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Lawyers claim investigation into Secret CIA Prison in Poland is being suppressed. (RT)

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posted on Jan, 28 2013 @ 02:36 AM
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For anyone unfamiliar, these will help bring you up to speed.
Old ATS Links
Polish Probe (Gotta be a joke somewhere for that)
Plane Crash


And this is the meat of it now....
RT - Source


A Polish investigation into secret CIA jails is being suppressed because it will embarrass the top echelon of the country’s government, lawyers of two men held illegally in one of the CIA’s ‘black sites’ in Poland tell media.
Reportedly, the results of this investigation could link some of Poland’s most senior politicians with illegal detention and torture, as well as impact negatively on the relationship between Poland and its key ally, the US, according to Reuters.
The news agency’s sources, including lawyers and human rights activists, reveal that the investigation was halted after the original investigators were taken off the case early last year.
The probe began in 2008 with prosecutors from the capital Warsaw, but in early 2012 the prosecutor-general transferred the investigation to the southern city of Krakow.
"The image is of a complete lack of action," Mikolaj Pietrzak, lawyer for Saudi national Abd al-Rahim al-Nashiri who says he was detained in a CIA jail on Polish soil, told Reuters. "The case is obviously, in my opinion, under political control … The most convenient thing politically is for the case to drag on," Pietrzak added.
Bartlomiej Jankowski, a lawyer for the second alleged ex-detainee, Abu Zubaydah, has confirmed this.
"I am not receiving any information [from prosecutors] about new documents, nor am I informed about any new hearings. This is something that worries me," Jankowski said.
CIA-run prison was discovered in a small remote village Stare Kiejkuty and was operational from December 2002 to the fall of 2003. It was used to transport suspected Al-Qaeda members outside the US territory to interrogate without having to adhere to US law.
Polish officials say the investigators are still in the midst of collecting evidence and the investigation is taking so long because US officials have not been responding to information requests.
edit on 28-1-2013 by Thorneblood because: (no reason given)
edit on 28-1-2013 by Thorneblood because: (no reason given)
edit on 28-1-2013 by Thorneblood because: (no reason given)
edit on 28-1-2013 by Thorneblood because: (no reason given)




posted on Jan, 28 2013 @ 02:59 AM
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weird...




posted on Jan, 28 2013 @ 03:06 AM
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I caught this on my way off to bed but I NEED to make a comment on this story.

I do know a few things on this that are not in the media. It goes FAR beyond Poland. There's a lot more than one site involved and Poland may be out of use and closed....not all of them are. THAT part is no big secret and certainly nothing worth protecting at any major effort.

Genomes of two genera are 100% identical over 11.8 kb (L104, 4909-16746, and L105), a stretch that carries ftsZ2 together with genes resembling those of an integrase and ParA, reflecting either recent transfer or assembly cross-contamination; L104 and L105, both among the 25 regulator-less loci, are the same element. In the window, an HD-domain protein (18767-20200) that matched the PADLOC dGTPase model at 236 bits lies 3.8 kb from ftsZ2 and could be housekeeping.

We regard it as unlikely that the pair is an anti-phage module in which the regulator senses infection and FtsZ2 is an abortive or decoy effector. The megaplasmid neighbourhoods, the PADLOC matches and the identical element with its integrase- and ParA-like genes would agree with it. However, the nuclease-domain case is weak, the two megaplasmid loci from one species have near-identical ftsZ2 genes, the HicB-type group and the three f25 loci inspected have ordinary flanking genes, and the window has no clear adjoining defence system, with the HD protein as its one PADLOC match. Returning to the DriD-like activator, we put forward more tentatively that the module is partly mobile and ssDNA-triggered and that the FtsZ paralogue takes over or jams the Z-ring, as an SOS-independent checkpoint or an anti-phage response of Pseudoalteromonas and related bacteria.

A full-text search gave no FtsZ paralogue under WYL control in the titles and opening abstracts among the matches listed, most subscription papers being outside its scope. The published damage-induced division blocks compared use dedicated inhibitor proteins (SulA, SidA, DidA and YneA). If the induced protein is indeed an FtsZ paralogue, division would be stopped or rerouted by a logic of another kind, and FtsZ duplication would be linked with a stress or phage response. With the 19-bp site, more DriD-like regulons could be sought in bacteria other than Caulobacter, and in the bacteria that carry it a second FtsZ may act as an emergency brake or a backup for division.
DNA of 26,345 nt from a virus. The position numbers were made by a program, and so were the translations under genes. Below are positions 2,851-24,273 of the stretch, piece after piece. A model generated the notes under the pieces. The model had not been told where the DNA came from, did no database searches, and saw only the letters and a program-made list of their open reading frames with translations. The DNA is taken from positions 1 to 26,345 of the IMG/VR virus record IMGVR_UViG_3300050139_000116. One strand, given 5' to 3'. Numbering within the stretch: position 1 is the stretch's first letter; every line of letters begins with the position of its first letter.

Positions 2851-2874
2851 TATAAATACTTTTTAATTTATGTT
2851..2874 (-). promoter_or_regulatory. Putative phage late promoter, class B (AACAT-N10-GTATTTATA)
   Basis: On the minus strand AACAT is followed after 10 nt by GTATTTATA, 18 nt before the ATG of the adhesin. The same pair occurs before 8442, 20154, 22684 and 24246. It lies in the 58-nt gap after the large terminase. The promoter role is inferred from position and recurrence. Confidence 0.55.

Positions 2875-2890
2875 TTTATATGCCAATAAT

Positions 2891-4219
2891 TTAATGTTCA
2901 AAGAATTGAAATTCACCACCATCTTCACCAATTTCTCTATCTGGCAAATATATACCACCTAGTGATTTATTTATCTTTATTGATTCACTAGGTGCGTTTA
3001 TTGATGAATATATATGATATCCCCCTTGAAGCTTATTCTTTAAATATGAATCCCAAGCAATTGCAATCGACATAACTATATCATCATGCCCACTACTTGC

The details behind that ARE.

Where they are *IS*

The importance and the consequences of burning the places DURING the war *IS*.

At almost ANY cost, I'd imagine, if it comes to that.

The media needs to show some common sense in that wars are about killing people and GETTING PEOPLE KILLED. A few stories around this war can do the latter simply by reporting things. This, in my opinion, is very much one of them.

When this war is over...as all wars eventually DO end....there *MUST* be an accounting of these (C)riminals (I)n (A)uthority and some Vice type people who helped them create the whole system this is talking about. Some things have happened since 2001 that are simply best left until the fighting is over ...then yes... By all that's American...there HAS to be an accounting. It's not worth losing more lives for during this though. Breaking the story isn't worth what it can do right now, IMO. Nor would it HELP anything. Nothing positive would change or come from it. Only bad.

Flame away.... Call me a fool and uninformed. I don't care on this because however bad it's been? It can get worse and good intentions of "the people's right to know' can leave some too dead to care and they wouldn't have needed to be otherwise.

That's my opinion here and personally, I hope they don't get one inch further on the black site story or the story of Domestic Counter-Terrorism team operations since the wars began.... and it's so maddening I could scream sometimes that I can't say so much I want to on this.

World War II had a famous poster about lips and ships. The ships aren't a factor anymore...but lips are still the deadliest weapon off the battlefield.



posted on Jan, 28 2013 @ 03:14 AM
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In a lot of ways i actually agree with you on some of the points you raised. Secrets are ultimately secrets for a reason, sometimes good and sometimes bad. Discerning which is which during a war against people who by all reasonable accounts attacked America and continue trying to destabilize the world through numerous terrorist actions seems close to impossible.

But with all that being said, and let's face it, most people probably won't hear this news period. And many who do simply won't care.
edit on 28-1-2013 by Thorneblood because: (no reason given)



posted on Jan, 28 2013 @ 03:21 AM
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S/F after that reply.

You're right... most won't hear about it because it won't go any further than it has. No one, IMO, who has served in or worked around these sites will say even as much as I did since they have so much more to risk and honestly? Likely agree with the need for them, at least in part.